I recently traveled to Queenstown, New Zealand where there is a winery called Amisfield. I’d heard about this winery and it lived up to its reputation. It has a beautiful restaurant with incredible food, overlooking the vineyard and sitting on a beautiful lush green lawn. You can sit in the sun and look out to the surrounding snow-capped mountains. It truly is stunning.
In the restaurant, they have a concept called “Trust the Chef”, where diners let the chef decide what to cook for them based on the fresh produce available that day and what will complement the wines.
The day I visited I was with a few friends and we went for lunch. I decided not to choose the “Trust the Chef” menu as I hadn’t been there before. I thought “I don’t know what I’ll get. What if I don’t like it?” It was a bit like a mystery flight where you don’t know the destination, so I decided to choose my own order from the menu so I knew what I was going to eat.
When working with Thought Leaders, Trusted Advisors and Industry Experts I often find they are a little light on building trust with their audience. They sometimes expect the client to “Trust the Chef”, but the client isn’t always ready – particularly if it’s the first time the client has worked with them.
When building your branding and positioning as an Influencer that your audience can trust, you really need to consider two things:
- Where you focus your attention.
- How your clients make decisions.
Swiss psychiatrist Carl Jung identified that people make decisions based on one of two things: one being rationale, results or outcomes; the other being feelings, emotions or values. When creating a connection with your audience, you need to ensure there is a balance of attention. Attention must be evenly spread between the audience and you as the Influencer. See below.
In each of the above four quadrants, there are three activities that build trust. These activities create the 12 Pillars of Trust and address the questions your potential client will have about you.
- Clarity: Is it clear who you help and what you help them with? Do you articulate who your ideal client is and your message? What category do I buy you in so I can engage you easily?
- Visibility: How easy is it for me to see you? Do you show up in the places I hang out? Do you actively reach out to people who need help?
- Monetary: The price you place on your services helps me understand the program and the value I’m buying. Am I buying economy, business class or first class? What is the value of your offer?
- Mastery: How competent are you? My situation is complex; can you really help me get results? Can you articulate the sequence of what to do next? Have you felt every step of pain of the journey I’m on? Have you made the same mistakes as me? How successful have you been on that journey and did you overcome obstacles? What collateral do you have that shows your mastery above others? Ideally, this is a book.
- Credibility: Your social proof is important to your buyer. What do others say about you in testimonials? Are you featured in places I trust? Eg. magazines, newspapers and events as a speaker. What outcomes have you achieved for others? Of those who recommend you, who do I respect? Do you deliver what you claim to deliver?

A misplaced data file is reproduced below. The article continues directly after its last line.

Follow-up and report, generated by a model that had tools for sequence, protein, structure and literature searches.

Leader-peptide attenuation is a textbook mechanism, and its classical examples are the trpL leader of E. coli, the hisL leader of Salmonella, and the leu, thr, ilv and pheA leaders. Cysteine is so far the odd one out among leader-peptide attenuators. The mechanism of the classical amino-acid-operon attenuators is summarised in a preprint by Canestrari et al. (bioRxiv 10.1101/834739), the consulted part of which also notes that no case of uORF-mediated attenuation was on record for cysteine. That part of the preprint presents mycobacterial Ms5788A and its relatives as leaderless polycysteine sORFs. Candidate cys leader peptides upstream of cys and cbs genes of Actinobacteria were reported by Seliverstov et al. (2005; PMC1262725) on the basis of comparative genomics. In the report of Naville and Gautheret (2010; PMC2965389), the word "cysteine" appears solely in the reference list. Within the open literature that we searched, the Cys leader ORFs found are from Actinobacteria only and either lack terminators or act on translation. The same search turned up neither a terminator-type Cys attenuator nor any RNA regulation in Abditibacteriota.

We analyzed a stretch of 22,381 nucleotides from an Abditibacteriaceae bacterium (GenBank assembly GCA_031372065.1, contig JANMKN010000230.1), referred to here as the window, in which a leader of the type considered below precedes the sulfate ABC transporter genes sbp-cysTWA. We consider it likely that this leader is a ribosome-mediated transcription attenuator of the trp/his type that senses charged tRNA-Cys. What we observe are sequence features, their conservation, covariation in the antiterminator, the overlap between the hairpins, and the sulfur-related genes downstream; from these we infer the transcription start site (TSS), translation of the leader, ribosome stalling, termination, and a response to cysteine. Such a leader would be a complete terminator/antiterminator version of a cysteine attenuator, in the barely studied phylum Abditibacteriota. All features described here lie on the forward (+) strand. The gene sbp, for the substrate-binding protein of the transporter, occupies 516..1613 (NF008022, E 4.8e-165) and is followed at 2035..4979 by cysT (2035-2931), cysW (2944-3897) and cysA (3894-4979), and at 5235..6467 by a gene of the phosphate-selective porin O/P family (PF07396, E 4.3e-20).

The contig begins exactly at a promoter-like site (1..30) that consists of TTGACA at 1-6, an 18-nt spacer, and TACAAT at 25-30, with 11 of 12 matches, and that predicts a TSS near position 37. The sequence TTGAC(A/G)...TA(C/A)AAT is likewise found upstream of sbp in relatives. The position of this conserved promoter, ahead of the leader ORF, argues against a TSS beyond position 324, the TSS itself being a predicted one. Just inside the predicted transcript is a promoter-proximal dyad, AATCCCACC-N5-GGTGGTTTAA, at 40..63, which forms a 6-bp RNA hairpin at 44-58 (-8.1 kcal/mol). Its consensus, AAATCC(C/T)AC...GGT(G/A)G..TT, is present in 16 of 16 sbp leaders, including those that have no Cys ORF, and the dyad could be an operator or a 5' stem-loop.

- Consistency: Do you contact me regularly to show me how you solve issues and demonstrate your expertise? Is your message regarding your area of competence coherent? Is it clear in the titles of your articles, blogs, videos, whitepapers and books?
- Validity: When finding more information about you, does what you say match what I’m looking for? Do your collaterals articulate my problem?
- Relevancy: How well do you know my world? Can I see me in you? Do you define my aspirations and who I am trying to become? Can I see how you relate to me and your ability to identify what I need help with?
- Controllability: How well do you take charge when things go wrong? Do you communicate and resolve issues? Equally, do you read the writing on the wall and remove yourself from situations that do not serve you? When I ask others about you, what do they say?
- Remarkability: What makes you unique? How does your uniqueness connect with my issue, values and personality? What part of me do I see in you that creates a connection and allows me to trust you? Can I get to know you? What experience do you create to help me feel as though I have met you before, so that when I do meet you, we can move the relationship and your program forward?
- Vulnerability: Are you open about your vulnerabilities? As Extreme Trust authors Don Peppers and Martha Rogers said: “What is our reaction when someone presents an image of great strength and complete control, with no weaknesses? We don’t trust them… If someone only presents strengths and accomplishments, we know they are not sharing with us the full picture. If they don’t trust us enough to share their weaknesses and vulnerabilities, why would we ever trust them?”
- Empathy: Are you non-judgmental? Can I be open with you and share what’s really going on? Are you sincere? Can I share my fears with you? Do you genuinely care and will you keep my information confidential?
Not everyone scores high in all of these areas. But the 12 Pillars of Trust is a good place for you to start building trust in your branding, so you can have greater cut-through with your message as an industry influencer.
Love to know your thoughts.
Her blog has been awarded in the top 25 branding blogs globally, is one of 12 LinkedIn Influencer Small Business Advocates in Australia, and is the host of the Jane Anderson Brand You Show.
She is the author of 4 books including “INFLUENCER: The 12 Secrets to Amplify your Authority, Create Powerful Positioning, and Grow your Business Fast” due for release in January 2017. You can find out more about Jane’s programs here.